Similarly, sometimes you may need to know about the size of a variable and how it is aligned in memory; in particular, when you are using records of data, known in C++ as structs. C++ provides the sizeof operator to give the number of bytes used to hold a variable and the alignof operator to determine the alignment of the type in memory. For basic types, the sizeof and alignof operators return the same value; it is only necessary to call the alignof operator on custom types where it will return the alignment of the largest data member in the type.


As the name suggests, an integer holds integral data, numbers that have no fractional part. For this reason, it makes little sense to do any arithmetic with an integer where the fractional part is important; in this case, you should use floating point numbers. An example of this was shown in the last chapter:
 int height = 480; 
int width = 640;
int aspect_ratio = width / height;
This gives an aspect ratio of 1, which is clearly untrue and serves no purpose. Even if you assign the result to a floating-point number, you will get the same result:
 float aspect_ratio = width / height;
The reason is that the arithmetic is performed in the expression width / height, which will use the division operator for integers that will throw away any fractional part of the result. To use the floating-point division operator you will have to cast one or other of the operands to a floating-point number so the floating-point operator is used:
 float aspect_ratio = width / (float)height;
This will assign a value of 1.3333 (or 4 : 3) to the aspect_ratio variable. The cast operator used here is the C cast operator, which forces data of one type to be used as data of another type. (It is used because we have not yet introduced the C++ cast operators, and the syntax of C cast operators is clear.) There is no type safety in this cast. C++ provides cast operators, which are discussed in the following text, some of which will cast in a type-safe way, which becomes important when you use pointers to objects of custom types.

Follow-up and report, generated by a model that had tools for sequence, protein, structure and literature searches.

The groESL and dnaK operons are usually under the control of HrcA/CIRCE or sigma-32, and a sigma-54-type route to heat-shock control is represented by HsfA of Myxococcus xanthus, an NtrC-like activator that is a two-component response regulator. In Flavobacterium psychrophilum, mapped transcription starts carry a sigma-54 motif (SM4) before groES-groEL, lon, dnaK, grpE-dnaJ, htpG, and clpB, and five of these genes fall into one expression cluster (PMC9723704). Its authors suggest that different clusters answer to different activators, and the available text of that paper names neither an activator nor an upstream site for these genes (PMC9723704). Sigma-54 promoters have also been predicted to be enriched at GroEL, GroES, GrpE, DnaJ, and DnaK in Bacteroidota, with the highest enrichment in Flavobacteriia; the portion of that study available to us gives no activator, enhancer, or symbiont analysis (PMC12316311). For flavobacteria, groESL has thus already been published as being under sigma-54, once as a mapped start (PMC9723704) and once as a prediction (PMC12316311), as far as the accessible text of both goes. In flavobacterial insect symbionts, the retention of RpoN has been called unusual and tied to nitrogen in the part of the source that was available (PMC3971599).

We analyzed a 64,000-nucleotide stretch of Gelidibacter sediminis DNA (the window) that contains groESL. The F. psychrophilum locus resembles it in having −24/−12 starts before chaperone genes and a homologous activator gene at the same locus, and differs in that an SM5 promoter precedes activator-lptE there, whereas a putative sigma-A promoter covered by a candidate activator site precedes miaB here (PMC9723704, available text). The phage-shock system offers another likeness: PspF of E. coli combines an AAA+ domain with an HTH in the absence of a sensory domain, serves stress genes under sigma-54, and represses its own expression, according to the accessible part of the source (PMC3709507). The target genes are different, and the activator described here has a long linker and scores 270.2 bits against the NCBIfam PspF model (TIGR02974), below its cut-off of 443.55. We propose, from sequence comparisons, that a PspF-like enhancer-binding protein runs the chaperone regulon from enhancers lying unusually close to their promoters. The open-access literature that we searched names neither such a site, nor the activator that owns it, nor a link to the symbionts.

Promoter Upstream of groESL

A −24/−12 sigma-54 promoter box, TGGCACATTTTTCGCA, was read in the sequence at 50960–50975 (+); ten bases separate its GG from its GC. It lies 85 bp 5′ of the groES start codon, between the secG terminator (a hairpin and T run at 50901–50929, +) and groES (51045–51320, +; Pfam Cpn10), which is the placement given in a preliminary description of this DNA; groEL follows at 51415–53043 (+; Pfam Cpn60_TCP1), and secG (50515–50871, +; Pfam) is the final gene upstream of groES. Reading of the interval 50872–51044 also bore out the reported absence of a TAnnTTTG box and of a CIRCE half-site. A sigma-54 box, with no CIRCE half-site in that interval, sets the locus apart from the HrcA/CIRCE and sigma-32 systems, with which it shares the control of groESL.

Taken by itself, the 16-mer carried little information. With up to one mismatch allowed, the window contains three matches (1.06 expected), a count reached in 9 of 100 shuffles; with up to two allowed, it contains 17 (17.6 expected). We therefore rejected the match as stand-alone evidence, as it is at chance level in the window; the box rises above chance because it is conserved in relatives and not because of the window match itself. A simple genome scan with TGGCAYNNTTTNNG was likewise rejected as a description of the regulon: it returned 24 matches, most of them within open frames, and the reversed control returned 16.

C++ provides integer types of various sizes, as summarized in the following table. These are the five standard integer types. The standard says that an int is the natural size of the processor and will have a value between (and including) INT_MIN and INT_MAX (defined in the <climits> header file). The size of the integer type has at least as much storage as those preceding it in the list, so an int is, at least, as big as a short int and a long long int types, which is at least as big as a long int type. The phrase at least as big as is not much use if the types are all the same size, so the <climits> header file defines ranges for the other fundamental integer types too. It is implementation-specific how many bytes are needed to store these integer ranges. This table gives the ranges of the fundamental types and the sizes on x86, 32-bit processors:
Type Range Size in bytes
signed char -128 to 127 1
short int -32768 to 32767 2
int -2147483648 to 2147483647 4
long int -2147483648 to 2147483647 4
long long int -9223372036854775808 to 9223372036854775807 8